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Teachers union files complaint against DOE, demands department address ongoing safety concerns

Hawaii State Teachers Association HSTA.jpg
Casey Harlow
/
HPR
Teachers rallied outside of the state Department of Education administrative offices Wednesday, October 20, 2021. The HSTA filed a complaint against the DOE with the state's labor relations board demanding the department address COVID-related concerns in classrooms.

A few dozen public school teachers rallied outside the Queen Liliʻuokalani Building, headquarters to the state Department of Education and Board of Education, Wednesday afternoon.

The Hawaiʻi State Teachers Association filed a prohibited practice complaint with the state's Labor Relations Board against the DOE. The union claims the department failed to discuss COVID-19 safety issues during the pandemic.

HSTA president Osa Tui, Jr. says the union was successful in a previous challenge against the department last school year. But he says the department and Interim Superintendent Keith Hayashi continue to use Gov. David Ige's emergency proclamations to ignore their concerns.

"Though the governor had an emergency proclamation, which suspended Chapter 89 of Hawaiʻi's collective bargaining law, the Hawaiʻi Labor Relations Board still told the department they had to sit with us and work out issues," he said.

Over the summer, the DOE released its guidelines for a safe return to in-person learning. But the implementation of the guidelines is left to school administrators.

"A lot of our administrators are trying their best. They're absolutely doing what they can, but they don't have the guidance they need, and they're not contact tracers. They're having trouble doing this close contact identification. And that's not their job."
HSTA President Osa Tui, Jr.

But the HSTA says the department doesn't provide enough guidance or resources to schools to address issues as they arise.

"A lot of our administrators are trying their best. They're absolutely doing what they can," Tui said.

"But they don't have the guidance they need, and they're not contact tracers. They're having trouble doing this close contact identification. And that's not their job."

Tui says these flaws are partly to blame for more teachers opting to retire — worsening the state's teacher shortage. He adds that due to the shortage, the department is opting to rely heavily on substitute teachers, which he says is primarily made of up of retired educators who may be hesitant to fill in.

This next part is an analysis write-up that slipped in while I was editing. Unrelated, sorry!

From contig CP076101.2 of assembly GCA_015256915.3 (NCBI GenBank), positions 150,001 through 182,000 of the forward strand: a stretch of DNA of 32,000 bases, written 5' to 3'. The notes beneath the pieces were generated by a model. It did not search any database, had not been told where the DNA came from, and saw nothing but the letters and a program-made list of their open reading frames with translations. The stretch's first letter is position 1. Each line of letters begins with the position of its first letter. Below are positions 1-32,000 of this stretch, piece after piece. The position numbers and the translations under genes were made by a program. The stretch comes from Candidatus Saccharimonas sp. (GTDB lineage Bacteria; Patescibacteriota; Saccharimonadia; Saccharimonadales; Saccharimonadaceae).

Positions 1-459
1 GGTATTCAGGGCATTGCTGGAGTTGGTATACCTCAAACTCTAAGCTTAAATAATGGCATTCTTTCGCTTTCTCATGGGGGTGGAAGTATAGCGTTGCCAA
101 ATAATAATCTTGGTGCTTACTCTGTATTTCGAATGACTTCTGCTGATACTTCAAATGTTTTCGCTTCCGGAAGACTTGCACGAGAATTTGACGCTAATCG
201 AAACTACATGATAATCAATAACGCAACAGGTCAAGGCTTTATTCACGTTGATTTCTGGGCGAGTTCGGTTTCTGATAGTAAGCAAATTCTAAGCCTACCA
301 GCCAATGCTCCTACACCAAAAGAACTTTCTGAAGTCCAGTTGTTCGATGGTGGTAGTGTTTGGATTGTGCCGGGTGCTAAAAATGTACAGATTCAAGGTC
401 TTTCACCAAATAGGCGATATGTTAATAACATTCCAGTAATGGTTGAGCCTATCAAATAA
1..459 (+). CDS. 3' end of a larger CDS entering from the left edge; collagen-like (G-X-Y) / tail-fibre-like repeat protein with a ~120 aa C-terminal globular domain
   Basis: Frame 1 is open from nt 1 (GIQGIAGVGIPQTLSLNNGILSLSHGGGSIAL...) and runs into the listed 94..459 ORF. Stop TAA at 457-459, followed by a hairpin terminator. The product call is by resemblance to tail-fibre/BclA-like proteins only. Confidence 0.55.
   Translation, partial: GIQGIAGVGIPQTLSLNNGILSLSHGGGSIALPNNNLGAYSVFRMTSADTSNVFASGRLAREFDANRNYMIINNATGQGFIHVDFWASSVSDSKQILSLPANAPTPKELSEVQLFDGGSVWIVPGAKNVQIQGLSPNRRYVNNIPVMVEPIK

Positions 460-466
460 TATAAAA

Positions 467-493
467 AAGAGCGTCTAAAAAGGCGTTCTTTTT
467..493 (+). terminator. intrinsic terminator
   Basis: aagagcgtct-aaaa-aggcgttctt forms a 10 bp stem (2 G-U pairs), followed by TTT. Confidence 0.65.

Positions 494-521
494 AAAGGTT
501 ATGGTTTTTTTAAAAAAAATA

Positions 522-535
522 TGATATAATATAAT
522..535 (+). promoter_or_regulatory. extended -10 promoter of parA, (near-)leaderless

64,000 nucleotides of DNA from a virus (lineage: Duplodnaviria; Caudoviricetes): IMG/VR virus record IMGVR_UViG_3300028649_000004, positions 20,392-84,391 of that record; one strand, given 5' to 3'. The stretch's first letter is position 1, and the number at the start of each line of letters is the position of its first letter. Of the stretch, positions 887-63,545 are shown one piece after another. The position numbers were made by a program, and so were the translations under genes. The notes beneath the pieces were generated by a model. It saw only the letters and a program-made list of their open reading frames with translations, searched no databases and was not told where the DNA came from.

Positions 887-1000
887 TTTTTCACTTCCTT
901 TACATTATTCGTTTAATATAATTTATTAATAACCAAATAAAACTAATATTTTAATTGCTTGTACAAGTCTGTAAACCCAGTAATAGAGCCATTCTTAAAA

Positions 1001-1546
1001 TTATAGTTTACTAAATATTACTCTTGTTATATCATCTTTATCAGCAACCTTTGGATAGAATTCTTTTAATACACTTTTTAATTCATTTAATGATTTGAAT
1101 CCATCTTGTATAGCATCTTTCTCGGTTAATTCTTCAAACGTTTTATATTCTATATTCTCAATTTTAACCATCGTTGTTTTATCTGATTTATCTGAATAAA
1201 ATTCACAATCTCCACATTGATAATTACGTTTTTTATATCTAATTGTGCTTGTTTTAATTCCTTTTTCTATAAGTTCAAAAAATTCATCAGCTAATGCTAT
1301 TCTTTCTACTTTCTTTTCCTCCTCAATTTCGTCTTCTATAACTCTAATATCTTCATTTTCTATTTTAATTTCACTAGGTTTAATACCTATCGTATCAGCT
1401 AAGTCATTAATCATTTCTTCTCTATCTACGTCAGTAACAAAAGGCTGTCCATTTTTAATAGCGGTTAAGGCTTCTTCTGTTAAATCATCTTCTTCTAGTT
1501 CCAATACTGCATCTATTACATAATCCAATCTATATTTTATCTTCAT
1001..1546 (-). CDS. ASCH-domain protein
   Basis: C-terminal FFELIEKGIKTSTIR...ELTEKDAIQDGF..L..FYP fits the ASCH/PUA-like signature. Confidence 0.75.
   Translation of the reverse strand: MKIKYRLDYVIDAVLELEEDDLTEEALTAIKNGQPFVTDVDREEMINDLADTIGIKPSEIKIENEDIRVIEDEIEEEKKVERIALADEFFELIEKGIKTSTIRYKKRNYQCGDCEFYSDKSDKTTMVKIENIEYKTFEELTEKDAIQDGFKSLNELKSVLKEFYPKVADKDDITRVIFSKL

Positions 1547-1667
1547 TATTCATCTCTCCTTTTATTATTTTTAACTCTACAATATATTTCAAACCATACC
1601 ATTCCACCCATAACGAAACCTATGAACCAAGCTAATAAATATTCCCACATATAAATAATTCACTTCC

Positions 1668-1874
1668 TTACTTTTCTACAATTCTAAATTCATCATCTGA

The union says there is no uniform guidance from the DOE when it comes to its guidelines. Tui says the department's plan could work in an ideal world.

"We don't live in a perfect world," he said. "We live where students don't follow rules, and, unfortunately, some of our adults aren't following rules as well.

"We have those issues and some of the health and safety guidelines don't speak to quarantining. Who gets quarantined? How is that process spelled out at different schools?"

Tui cites one school may quarantine a whole class if there is a positive case, while another school may just quarantine one student. He also points out that there are flaws identifying close contacts.

"We have willy-nilly going on all over the state," he said.

Interim Superintendent Hayashi issued the following statement in response to the union's action:

The Department has not received a copy of the prohibited practice complaint that the Hawaiʻi State Teachers Association announced will be filed with the Hawaiʻi Labor Relations Board, and is unable to comment.

Since May 2020, the Department has been — and remains committed to — meeting monthly with the HSTA to discuss COVID-related issues and how we can provide clarity and best address concerns raised.

This has been an especially challenging year for everyone. We acknowledge all the hard work and effort that has gone into ensuring a safe learning environment for our students and staff. Schools continue to do a tremendous job doing everything within their control to diligently implement the core essential strategies set by the Department of Health. These strategies have proven extremely effective at reducing the risk of exposure on our campuses as we remain committed and focused on keeping our schools open.

The HSTA is anticipating a decision within the next 20 days from the Labor Relations Board.

A copy of the complaint can be found below.

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